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23911Re: Some (untidy) thoughts on Yami to Boshi to Hon no Tabibito

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  • crimsonlotus20
    Nov 6, 2007
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      I very strongly agree on the correlation between plot-space and
      character-space. These are dynamic, inter-connecting strands which,
      together, form the basis of narrative. Which leads us to modernist
      poetry and what could be defined as the "correlative objective": I
      need only say "Oedipus" and you have someone who married his mother
      tears his eyes out in your head, without me having to go into further
      detail.

      In re-contextualising this debate, though, I would draw attention to
      the deliberate dissociation between transcendetal characters and
      localised characters in the Yamibou series. More specifically, you
      have the main cast of three women (Hazumi, Hatsumi and Lilith) who
      are transcendental and are therefore most closely associated to a
      meta-dimension. Conversely, the localised characters they meet in
      each book-world are functions of their environment. They exist to
      prop up the Metaverse. Which is why I thought Yamibou was actually a
      relatively interesting thematic effort: like the Immortal from
      Borges' short story, they are in the world but not of it.
      Stylistically, this reinforces the loneliness and uniqueness of the
      relationship between Hazumi and Hatsumi.

      Regards,
      MdG

      --- In Yuricon@yahoogroups.com, "crimsonlotus20" <crimsonlotus@...>
      wrote:
      >
      > Come on, that's below the belt: what does Terry Pratchett have to
      do
      > with Yuri?
      >
      > Regards,
      > MdG
      >
      > --- In Yuricon@yahoogroups.com, "Ellen Kuhfeld" <ellen@> wrote:
      > >
      > > I would call it, perhaps, bookspace. And I'd only accept it were
      > there an
      > > Orangutan to serve as Librarian.
      > >
      > > Oook - Ellen Rose
      > >
      > >
      > >
      > > -----Original Message-----
      > > From: Yuricon@yahoogroups.com [mailto:Yuricon@yahoogroups.com]On
      > Behalf Of
      > > crimsonlotus20
      > > Sent: Monday, November 05, 2007 6:19 PM
      > > To: Yuricon@yahoogroups.com
      > > Subject: [Yuricon] Some (untidy) thoughts on Yami to Boshi to Hon
      no
      > > Tabibito
      > >
      > >
      > > I know Erica panned the plot in her review on Okazu, but, allow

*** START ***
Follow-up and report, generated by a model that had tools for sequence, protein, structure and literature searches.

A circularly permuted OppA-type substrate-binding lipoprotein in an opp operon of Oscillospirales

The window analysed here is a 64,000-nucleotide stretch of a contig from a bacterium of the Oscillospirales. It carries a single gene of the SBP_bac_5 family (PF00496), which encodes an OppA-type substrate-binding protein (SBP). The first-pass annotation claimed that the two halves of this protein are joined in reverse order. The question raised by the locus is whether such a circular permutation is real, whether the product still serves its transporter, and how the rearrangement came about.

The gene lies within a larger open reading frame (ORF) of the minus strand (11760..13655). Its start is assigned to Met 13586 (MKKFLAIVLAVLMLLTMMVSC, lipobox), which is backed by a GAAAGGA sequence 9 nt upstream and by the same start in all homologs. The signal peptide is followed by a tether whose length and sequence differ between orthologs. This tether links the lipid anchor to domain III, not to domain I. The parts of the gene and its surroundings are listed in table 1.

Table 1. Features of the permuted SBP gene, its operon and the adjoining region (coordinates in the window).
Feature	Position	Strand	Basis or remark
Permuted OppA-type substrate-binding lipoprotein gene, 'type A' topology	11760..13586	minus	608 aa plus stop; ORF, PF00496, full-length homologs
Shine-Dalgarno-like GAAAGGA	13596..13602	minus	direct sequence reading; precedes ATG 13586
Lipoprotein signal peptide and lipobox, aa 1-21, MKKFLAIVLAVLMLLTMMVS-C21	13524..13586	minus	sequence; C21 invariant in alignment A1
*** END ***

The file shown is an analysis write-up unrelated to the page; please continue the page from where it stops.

> me to
      > > play Devil's Advocate and see if there is anything to salvage.
      It
      > > occurred to me that the Library theme was actually rather
      > > intelligent. It has been a post-modernist fixation, shared by
      the
      > > writer Borges and philosophers such as Vattimo, that the entire
      > > edifice of human thought is a massive library, stretching out
      into
      > > infinity. People's stories are constantly read and re-read and
      no
      > > book is ever the same after having been read more than once.
      That
      > is,
      > > re-interpreting an already interpreted story is yet another
      leap
      > from
      > > the 'original' reality.
      > >
      > > In this way, Yamibou does something to convey the feebleness of
      > > mortal life (Hazuki herself, who struggles vainly against the
      > nature
      > > of the Universe) and the redemptive power of attachments that
      can
      > > transcend interpretation and become universal forces onto
      > themselves.
      > > I align myself with those fans of the series who found the
      ending
      > > rather touching. There is an almost Ganymede-like quality in
      > Hatsumi
      > > (who, to the best of my knowledge, is a semi-divine being)
      > honouring
      > > her attachment to Hazuki in the only way which is cosmically
      > > feasible: that is, ensuring that her next avatar in Hazuki's
      > > particular book (ie. plane of existence) is born out of the
      woman
      > she
      > > loves.
      > >
      > > This integrates something of a Gnostic/pseudo-Christian element.
      > > Obvious pregnancy motifs aside, when Hatsumi is away, Lilith
      > behaves
      > > like a sort of capricious, flawed Demiurge. Her name, in and of
      > > itself, reflects the rather ambiguous nature of her role
      > (Lilith/Eve).
      > >
      > > In the end, when one takes a meta-narrative key to the plot, the
      > > series is rather enjoyable, inasmuch as it echoes some of
      > humanity's
      > > much cherished myths. There is something quite powerful
      > about 'taking
      > > the plunge' against an unfathomable and uncaring universe for
      > those
      > > one loves. It becomes a Classical descent into the Underworld
      > and, in
      > > terms of conceptual vision, is not bad at all for being an anime
      > > based on an H-game.
      > >
      >
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